Shoe and sole shapes can function as trademarks
Legal updates: case law analysis and intelligence
In Global Brand Marketing Inc v YD Pty Ltd ( FCA 605, May 7 2008), the Federal Court has confirmed previous and well-established decisions in relation to shape trademarks.
Diesel SpA is the registered owner of two Australian trademark registrations for footwear in Class 25 of the Nice Classification (the sole mark and the shape mark).
Diesel and its licensee Global Brand Marketing Inc alleged that YD Pty Limited infringed the sole and shape registrations by using various shoe and sole designs named Cube and Photon. YD cross-claimed that Diesel's sole and shape registrations were invalid, as they did not function as trademarks.
The Cube and Photon sole designs were described as having various additional features including patterns, indentations, dimples and triangles. The Photon and Cube shoe designs included various features, such as a stylized YD label, stripes, round pieces, square caps, toe panels, small dots and rubber panels. The shoes sold by both YD and Diesel were in the A$129 to A$290 range.
The key questions were therefore:
- whether the Diesel registrations and YD's designs function as trademarks; and
- whether YD's designs were substantially identical or deceptively similar to Diesel's registrations.
The court considered a number of previous Australian decisions in relation to whether use of a shape constitutes use as a trademark (see Coca-Cola Company v All-Fect Distributors ( FCA 1721), Koninklijke Philips Electronics NV v Remington Products Pty Ltd ( FCA 876) and Kenman Kandy Australia Pty Ltd v Registrar of Trademarks ( FCAFC 273)). In broad terms, those cases established that if a shape is so "closely bound" that it is not distinct from the goods and has purely a functional purpose, the shape cannot function as a trademark, as other traders may legitimately wish to use that shape.
However, in the present case, the court observed that the aforementioned decisions also established that shapes can operate as trademarks where:
- the goods are distinct from the mark itself (even though the mark may be, in effect, part of the shape);
- the mark adds "something extra", so that the goods are distinguished from those of other traders; and
- the shape does not have "functional significance" or involve "substantial functional elements".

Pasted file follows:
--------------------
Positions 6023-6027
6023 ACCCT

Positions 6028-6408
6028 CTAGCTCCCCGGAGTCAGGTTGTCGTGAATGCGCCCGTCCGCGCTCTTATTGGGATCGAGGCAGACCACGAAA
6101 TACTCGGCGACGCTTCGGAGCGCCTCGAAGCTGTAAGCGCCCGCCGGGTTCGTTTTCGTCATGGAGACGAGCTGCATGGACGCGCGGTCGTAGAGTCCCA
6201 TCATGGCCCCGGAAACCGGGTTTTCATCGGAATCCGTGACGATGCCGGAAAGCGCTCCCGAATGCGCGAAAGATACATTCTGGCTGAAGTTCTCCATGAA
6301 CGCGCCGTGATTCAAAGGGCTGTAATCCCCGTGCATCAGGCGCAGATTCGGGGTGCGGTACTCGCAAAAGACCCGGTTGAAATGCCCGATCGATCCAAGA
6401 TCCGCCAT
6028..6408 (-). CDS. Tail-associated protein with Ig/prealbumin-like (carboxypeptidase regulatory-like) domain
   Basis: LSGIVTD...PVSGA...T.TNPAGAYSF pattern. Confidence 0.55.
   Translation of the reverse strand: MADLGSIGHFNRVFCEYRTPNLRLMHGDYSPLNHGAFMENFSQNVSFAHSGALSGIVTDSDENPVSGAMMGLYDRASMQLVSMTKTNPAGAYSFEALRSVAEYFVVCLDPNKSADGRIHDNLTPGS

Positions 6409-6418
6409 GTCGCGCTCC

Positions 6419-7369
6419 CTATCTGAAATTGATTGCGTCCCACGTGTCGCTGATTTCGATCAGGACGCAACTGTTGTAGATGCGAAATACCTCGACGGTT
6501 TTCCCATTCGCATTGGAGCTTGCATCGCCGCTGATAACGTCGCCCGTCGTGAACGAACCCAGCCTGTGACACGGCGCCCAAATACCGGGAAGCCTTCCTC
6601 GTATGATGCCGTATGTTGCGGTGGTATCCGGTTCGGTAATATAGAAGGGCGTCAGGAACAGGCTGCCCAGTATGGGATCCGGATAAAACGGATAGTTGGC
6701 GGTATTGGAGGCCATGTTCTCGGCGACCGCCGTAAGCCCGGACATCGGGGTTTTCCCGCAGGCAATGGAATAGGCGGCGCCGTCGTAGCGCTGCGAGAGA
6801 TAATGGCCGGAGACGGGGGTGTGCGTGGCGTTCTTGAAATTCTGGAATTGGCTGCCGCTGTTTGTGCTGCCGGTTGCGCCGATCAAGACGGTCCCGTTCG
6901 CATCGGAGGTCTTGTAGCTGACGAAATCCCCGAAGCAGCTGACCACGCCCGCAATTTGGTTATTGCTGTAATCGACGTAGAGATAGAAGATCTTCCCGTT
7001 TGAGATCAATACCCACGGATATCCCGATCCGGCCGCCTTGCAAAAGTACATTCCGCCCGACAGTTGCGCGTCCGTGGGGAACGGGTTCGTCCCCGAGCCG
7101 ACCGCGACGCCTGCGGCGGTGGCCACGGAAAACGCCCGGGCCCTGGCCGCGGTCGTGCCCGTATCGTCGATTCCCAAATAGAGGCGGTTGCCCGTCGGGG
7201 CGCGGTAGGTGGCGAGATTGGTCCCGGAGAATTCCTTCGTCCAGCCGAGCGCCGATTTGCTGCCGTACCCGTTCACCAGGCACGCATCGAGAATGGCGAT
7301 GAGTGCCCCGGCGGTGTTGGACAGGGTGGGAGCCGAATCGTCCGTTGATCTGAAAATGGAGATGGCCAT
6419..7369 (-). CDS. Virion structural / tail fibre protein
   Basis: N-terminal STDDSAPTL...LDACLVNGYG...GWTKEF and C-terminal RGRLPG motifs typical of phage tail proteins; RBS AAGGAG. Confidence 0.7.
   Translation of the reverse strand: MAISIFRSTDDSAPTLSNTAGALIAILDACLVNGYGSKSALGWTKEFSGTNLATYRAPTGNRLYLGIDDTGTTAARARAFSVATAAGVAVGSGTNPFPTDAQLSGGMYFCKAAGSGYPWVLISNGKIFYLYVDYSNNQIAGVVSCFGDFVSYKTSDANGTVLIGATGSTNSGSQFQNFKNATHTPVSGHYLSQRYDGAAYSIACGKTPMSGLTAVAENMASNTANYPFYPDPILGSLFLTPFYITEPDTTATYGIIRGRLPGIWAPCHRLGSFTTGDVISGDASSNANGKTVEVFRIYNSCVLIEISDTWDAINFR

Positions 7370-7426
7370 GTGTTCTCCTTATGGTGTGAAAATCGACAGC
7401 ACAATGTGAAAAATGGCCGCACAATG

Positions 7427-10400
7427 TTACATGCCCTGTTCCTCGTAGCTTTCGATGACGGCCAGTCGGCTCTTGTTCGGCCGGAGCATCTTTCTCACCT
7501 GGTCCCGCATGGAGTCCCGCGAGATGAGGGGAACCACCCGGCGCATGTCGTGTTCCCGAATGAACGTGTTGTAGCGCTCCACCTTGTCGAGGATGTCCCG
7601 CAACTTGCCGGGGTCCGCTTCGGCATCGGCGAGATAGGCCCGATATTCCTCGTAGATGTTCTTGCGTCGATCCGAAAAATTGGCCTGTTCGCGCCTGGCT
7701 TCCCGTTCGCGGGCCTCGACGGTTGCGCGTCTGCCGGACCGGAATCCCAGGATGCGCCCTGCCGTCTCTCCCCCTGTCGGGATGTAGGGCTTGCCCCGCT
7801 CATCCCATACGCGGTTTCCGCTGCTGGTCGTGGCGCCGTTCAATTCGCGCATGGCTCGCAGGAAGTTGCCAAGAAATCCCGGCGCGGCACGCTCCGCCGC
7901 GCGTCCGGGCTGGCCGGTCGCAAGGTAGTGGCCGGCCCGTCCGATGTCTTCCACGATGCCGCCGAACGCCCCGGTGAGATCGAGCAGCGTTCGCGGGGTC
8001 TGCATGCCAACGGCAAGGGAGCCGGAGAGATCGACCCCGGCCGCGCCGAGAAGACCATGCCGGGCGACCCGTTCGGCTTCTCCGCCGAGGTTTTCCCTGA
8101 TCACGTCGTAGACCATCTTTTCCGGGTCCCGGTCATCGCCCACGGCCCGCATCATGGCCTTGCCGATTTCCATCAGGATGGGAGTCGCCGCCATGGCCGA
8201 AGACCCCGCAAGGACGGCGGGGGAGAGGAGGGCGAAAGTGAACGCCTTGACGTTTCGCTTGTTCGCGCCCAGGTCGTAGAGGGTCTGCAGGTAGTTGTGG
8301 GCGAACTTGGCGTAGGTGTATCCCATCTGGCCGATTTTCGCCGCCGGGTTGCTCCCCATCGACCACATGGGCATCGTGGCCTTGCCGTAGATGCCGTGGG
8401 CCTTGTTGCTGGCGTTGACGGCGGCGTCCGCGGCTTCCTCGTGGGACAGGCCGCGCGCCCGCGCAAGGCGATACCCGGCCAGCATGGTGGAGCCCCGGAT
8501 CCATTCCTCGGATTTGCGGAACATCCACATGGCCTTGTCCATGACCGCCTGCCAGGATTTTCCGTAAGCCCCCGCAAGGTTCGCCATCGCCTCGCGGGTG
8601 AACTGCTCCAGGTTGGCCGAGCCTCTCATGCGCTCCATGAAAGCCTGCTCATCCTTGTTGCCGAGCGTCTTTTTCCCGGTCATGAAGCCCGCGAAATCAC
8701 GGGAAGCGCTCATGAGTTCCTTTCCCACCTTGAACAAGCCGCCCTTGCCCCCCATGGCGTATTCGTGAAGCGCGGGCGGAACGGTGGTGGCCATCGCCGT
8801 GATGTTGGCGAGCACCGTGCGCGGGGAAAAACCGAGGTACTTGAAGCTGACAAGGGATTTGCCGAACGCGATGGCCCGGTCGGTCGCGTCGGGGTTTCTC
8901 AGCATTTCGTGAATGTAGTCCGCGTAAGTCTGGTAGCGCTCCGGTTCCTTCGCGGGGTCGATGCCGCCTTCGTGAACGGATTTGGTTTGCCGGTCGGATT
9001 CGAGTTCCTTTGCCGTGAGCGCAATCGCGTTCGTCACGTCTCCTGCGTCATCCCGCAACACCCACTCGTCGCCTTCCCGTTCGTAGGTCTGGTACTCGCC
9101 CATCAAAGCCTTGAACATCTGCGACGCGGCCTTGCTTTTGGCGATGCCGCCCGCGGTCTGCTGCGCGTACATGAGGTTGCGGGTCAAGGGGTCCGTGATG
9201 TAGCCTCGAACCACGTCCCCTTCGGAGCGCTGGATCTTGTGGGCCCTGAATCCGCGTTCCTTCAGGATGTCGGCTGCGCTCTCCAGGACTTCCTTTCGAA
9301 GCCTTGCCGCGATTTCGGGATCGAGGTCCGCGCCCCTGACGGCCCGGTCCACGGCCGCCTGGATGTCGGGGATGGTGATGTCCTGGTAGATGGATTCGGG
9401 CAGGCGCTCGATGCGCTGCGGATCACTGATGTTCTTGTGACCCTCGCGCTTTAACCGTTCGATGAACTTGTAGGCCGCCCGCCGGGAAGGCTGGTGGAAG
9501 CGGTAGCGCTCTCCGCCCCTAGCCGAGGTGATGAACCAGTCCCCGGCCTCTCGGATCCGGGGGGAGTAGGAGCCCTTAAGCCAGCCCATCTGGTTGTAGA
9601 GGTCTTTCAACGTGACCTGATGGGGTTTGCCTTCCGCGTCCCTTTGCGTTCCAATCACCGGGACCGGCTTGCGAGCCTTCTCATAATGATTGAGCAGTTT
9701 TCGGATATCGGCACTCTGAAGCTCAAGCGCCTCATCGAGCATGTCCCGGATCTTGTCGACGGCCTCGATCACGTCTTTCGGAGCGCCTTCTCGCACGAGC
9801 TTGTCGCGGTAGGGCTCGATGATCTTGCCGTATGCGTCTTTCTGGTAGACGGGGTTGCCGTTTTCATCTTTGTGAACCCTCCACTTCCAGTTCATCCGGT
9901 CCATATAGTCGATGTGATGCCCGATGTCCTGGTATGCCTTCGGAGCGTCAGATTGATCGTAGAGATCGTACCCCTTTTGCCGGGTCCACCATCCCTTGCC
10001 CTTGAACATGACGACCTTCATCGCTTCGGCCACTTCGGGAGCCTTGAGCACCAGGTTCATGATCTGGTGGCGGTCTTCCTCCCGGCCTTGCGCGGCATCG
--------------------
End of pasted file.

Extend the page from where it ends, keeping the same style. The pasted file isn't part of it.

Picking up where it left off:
The court took the view that even though this case was not as clear as the previous decisions, both Diesel's and YD's designs were not purely functional. Even though some elements of the soles and shoes (eg, gripping soles) may serve functions, it was the additional features which resulted in both Diesel's and YD's designs being found to operate as trademarks to distinguish the respective goods.
Having decided that both YD's and Diesel's designs functioned as trademarks, the court considered:
- whether YD's designs were substantially identical or deceptively similar to Diesel's designs; and
- if so, whether YD's designs infringed Diesel's registrations.
Taking into account all the features of the respective designs, and applying the long-standing 'side by side' and 'imperfect recollection' tests, the court took the view that:
- there were sufficient distinguishing features between the designs;
- the marks were neither substantially identical nor deceptively similar; and
- the risk of confusion was low.
In particular, the court held that:
- the various cross-hatching, indentations and dimples meant that consumers would consider the whole of the goods;
- the price implied that 'discerning' shoppers would carefully examine the goods; and
- there was no evidence of actual confusion.
As the respective designs were neither substantially identical nor deceptively similar, the court concluded that YD had not infringed Diesel's registrations. Diesel's application thus failed.
Additionally, YD's cross-claim that the Diesel designs did not function as trademarks was unsuccessful. YD's further cross-claim (ie, Diesel's registrations should be revoked because the applications were filed in the name of Global Brand as licensee, and the assignment of the registrations to Diesel was invalid as Global Brand was never the owner) also failed.
The decision is a timely reminder that although the registration of shape marks in Australia is not without difficulty, such shapes may be the subject of protection and registration, provided that they are not purely functional.
Colin Oberin and Peter Ryan, Allens Arthur Robinson, Melbourne
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